Tuesday, 6 February 2007

Old brown is doing well

One of my most enduring memories is of sitting at the window late on a winter’s night, the landscape so strongly illuminated by a bright moon that I could see the detail in the fields and hedgerows. Cupping my hands together and blowing into them through slightly spread thumbs I mimicked the wavering hoot of a tawny owl. Moments later an owl responded, initiating a conversation that lasted for many minutes. Even now, the call of a tawny owl sends a shiver through me. The sound is so strong and evocative it rekindles old memories and re-emphasises the stillness I enjoyed, living, as I did, in the middle of the north Norfolk countryside, away from the drone of traffic and noisy youths of our towns and villages.

It is welcome news then, that the tawny owl population seems to be doing rather well, giving every indication that this enigmatic species will continue to call across our countryside. Results from a new survey of tawny owls have highlighted that, contrary to certain recent suggestions, the population has changed little since the last survey in 1989. Perhaps we should not be surprised by this news. After all, the tawny owl has proved itself to be an adaptable species. Although predominantly thought of as a bird of deciduous woodland, the tawny owl has exploited the opportunities provided by the large tracts of land now under conifer plantation. It has also moved into the built environment, where its catholic diet has expanded to take advantage of roosting house sparrows, brown rats and earthworms taken from garden lawns on wet nights.

The tawny owl is the first of our owls to lay its eggs each spring. According to information collected by the British Trust for Ornithology’s Nest Record Scheme, on average the first egg is laid on the 25th March. By the time that our barn owls are starting to lay their eggs, tawny owls will already have young in the nest. Such early nesting is reflected in the pattern of calling behaviour. Adults are at their most vocal when establishing breeding territories during the early winter. Once the pattern of territories becomes more rigid, the level of calling falls. Later in the year, once the chicks have fledged, they can be heard begging for food from their parents and, once independent, they will call as they establish territories of their own. By calling at night, when few other birds are vocal, the tawny owl has drawn our attention, though not always in a good way. Hearing a calling owl was once considered an ill omen and as a consequence they were heavily persecuted. Fortunately, things now look much better for the old brown owl.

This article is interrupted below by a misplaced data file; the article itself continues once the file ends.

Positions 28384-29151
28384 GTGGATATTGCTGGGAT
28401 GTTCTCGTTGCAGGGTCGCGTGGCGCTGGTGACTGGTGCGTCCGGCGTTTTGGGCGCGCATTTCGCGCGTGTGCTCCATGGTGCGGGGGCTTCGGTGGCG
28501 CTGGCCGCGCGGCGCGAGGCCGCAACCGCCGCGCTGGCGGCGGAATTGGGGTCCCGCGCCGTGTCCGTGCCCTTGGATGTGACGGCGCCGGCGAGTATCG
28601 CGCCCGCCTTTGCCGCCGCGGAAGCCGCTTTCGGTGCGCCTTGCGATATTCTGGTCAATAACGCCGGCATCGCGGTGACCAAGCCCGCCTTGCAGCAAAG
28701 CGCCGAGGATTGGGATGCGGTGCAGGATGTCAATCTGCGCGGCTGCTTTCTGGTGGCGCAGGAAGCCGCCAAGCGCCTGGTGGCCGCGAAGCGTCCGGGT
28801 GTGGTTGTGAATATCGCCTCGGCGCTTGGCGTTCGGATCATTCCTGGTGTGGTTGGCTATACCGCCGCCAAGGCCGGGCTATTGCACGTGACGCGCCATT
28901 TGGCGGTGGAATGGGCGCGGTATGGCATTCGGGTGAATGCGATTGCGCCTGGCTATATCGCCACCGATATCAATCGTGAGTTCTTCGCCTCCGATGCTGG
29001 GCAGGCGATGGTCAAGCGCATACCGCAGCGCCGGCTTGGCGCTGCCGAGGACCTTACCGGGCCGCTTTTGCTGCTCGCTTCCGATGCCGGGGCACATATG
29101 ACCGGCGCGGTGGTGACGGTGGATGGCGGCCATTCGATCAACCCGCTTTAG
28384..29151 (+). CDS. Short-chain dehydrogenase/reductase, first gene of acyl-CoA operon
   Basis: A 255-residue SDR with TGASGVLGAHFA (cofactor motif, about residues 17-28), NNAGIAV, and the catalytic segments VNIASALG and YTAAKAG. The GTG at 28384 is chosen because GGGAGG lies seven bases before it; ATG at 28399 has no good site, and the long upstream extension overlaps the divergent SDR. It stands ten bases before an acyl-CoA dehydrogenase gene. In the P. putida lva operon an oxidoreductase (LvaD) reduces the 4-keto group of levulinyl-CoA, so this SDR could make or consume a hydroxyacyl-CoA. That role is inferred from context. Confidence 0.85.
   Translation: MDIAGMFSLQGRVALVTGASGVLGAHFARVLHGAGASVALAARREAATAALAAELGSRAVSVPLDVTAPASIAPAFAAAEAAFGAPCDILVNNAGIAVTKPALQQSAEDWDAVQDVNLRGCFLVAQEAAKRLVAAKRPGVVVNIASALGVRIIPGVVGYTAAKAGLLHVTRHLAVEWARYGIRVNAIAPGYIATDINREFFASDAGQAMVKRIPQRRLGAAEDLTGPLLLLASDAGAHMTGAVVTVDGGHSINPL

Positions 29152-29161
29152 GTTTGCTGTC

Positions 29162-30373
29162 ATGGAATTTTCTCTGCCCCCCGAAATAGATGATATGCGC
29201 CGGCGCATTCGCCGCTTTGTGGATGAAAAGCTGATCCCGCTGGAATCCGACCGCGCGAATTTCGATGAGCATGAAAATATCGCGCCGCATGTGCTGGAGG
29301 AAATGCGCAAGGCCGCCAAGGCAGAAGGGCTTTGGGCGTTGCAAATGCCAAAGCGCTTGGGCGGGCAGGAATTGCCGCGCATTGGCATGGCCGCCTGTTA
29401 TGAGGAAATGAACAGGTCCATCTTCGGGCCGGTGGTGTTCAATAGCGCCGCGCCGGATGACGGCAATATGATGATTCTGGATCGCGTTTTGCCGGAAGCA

Monday, 5 February 2007

Piggy in the reeds

The winter landscape feels open; last year’s growth is now brittle beneath my feet and the chill of the wind cuts into my exposed flesh as sharply as the dry reeds that edge the narrow path. Summer’s green and lush vitality, expressed through the aromatic growth of fenland plants, has been replaced by the crisp bleached browns of umbellifer stalks, now dead, and wind blown branches. Other than the sound of the reeds being pushed against one another by the wind, there is little other noise. For a few brief minutes I am treated to the twittering calls of a tit flock as it moves through the alders in search of food but even these birds do not linger.

Then, quite suddenly, I hear it; an abrupt whistling squeal reveals the presence of a water rail. It is close-by, ahead of me in the reeds but hidden from view. This retiring bird, with its repertoire of grunts, squeaks and squeals, is one of the real characters of the bird world. Seen well, it is possible to appreciate the mix of colours that adorn this clown of the fens. The rich brown back, streaked with black and the soft grey of the neck and breast may seem plain enough but the zebra-striped flanks, red eye and red, slightly down-curved, bill add a sense of showmanship. Still, this is a reclusive clown and is more often seen, if seen at all, disappearing into the reeds with a flash of its white undertail coverts and a smooth swift gait. This gait has given rise to the local name “skittycock” in some parts of England ­– the word “skit” originally meaning to move lightly and rapidly ­– but it is the water rail’s calls that give rise to a more lasting name, one that has its origins in Norfolk. During the 1800s, when water rails and their eggs appeared regularly on the stalls of Norwich market between March and May, it was known as a “sharmer”. Since then, this name has been adapted to refer to the piercing calls uttered by the rail, reminiscent of squealing piglets, and known widely as “sharming”. It is this name that appears in the textbooks.

It is during the winter months, when continental immigrants join our resident birds, that you stand your best chance of seeing a water rail. If temperatures fall below zero, freezing over favoured water bodies, then water rails may be forced from cover in search of food. At such times they may also supplement their largely insectivorous diet with carrion or fresh meat, the latter sometimes taken in the form of small birds stabbed or grabbed and drowned. A clown with a sinister side?